The Court applies the plaintiff-viewpoint rule in analyzing whether the amount in controversy in plaintiff's claim for declaratory relief satisfies the jurisdictional amount requirement of § 1332. The object of plaintiff's suit for declaratory relief is the right of passage across the original defendants' property "to the nearest public road, namely, Louisiana Highway 39." Defendants' approach to valuing the right of passage, which relies on plaintiff's response to Interrogatory No. 24, is too limited. It focuses on only a portion of the value of the right of passage, i.e., the value of right of passage received from Flash and Mr. Haller. It does not include the value of the right of passage to be received from the other defendants nor does it take into account the total value of the right of access to the production facility. The total value to Sundown of the right of access to its production facility is far greater than the value of the right of access for the Haller property. See Louisville N.R. Co. v. Smith, 128 F.1, 5 (5th Cir. 1904). Moreover, defendant's approach overlooks the value to Sundown of not having to continue to incur considerable expenses to repair the "Flooded Road" to maintain the right of access. Plaintiff has submitted documentation reflecting repair expenses for the "Flooded Road" totaling more than twenty (20) times the $75,000.00 amount in controversy requirement. Additionally, obtaining the sought after right of passage will undoubtedly facilitate Sundown's production operation and protect plaintiff from any injury resulting from the alleged inadequate access currently provided under the lease. For the foregoing reasons, the Court concludes that the amount in controversy exceeded $75,000.00 at the time plaintiff filed the complaint. Having concluded that the amount in controversy for the claim for declaratory relief exceeds $75,000.00 exclusive of interest and costs, the Court need not address the parties' contentions with respect to whether the amount in controversy on claim for return of rents paid to Flash can be considered in determining subject matter jurisdiction. Accordingly,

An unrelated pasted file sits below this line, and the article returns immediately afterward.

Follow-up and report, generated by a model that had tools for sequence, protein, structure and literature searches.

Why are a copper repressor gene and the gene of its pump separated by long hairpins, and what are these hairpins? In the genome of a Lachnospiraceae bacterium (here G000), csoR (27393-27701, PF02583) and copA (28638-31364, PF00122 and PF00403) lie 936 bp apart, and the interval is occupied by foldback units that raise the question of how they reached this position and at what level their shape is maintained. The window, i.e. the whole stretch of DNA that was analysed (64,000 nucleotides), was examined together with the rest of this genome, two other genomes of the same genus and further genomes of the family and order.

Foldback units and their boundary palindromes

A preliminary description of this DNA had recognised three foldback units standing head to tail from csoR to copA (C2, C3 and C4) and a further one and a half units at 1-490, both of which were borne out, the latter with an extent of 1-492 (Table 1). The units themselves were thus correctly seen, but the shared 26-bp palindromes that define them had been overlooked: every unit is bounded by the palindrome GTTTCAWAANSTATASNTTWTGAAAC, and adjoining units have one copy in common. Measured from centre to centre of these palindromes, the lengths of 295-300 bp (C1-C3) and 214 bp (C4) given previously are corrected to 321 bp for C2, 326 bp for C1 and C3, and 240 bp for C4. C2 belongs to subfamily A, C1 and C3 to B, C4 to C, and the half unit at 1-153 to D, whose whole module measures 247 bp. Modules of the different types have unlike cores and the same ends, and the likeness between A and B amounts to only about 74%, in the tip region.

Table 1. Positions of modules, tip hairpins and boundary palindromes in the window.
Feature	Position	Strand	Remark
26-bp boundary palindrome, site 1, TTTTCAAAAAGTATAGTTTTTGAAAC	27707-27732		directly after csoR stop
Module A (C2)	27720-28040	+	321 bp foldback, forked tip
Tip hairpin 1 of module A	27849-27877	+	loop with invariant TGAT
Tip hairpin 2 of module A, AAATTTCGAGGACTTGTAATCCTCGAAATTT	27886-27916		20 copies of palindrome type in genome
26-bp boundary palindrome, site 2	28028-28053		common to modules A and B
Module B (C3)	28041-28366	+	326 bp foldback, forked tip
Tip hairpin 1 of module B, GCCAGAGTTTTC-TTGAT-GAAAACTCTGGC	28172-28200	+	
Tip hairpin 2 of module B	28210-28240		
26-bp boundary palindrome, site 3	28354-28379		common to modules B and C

IT IS ORDERED that defendants' "Motion to Dismiss for Lack of Subject Matter Jurisdiction is DENIED.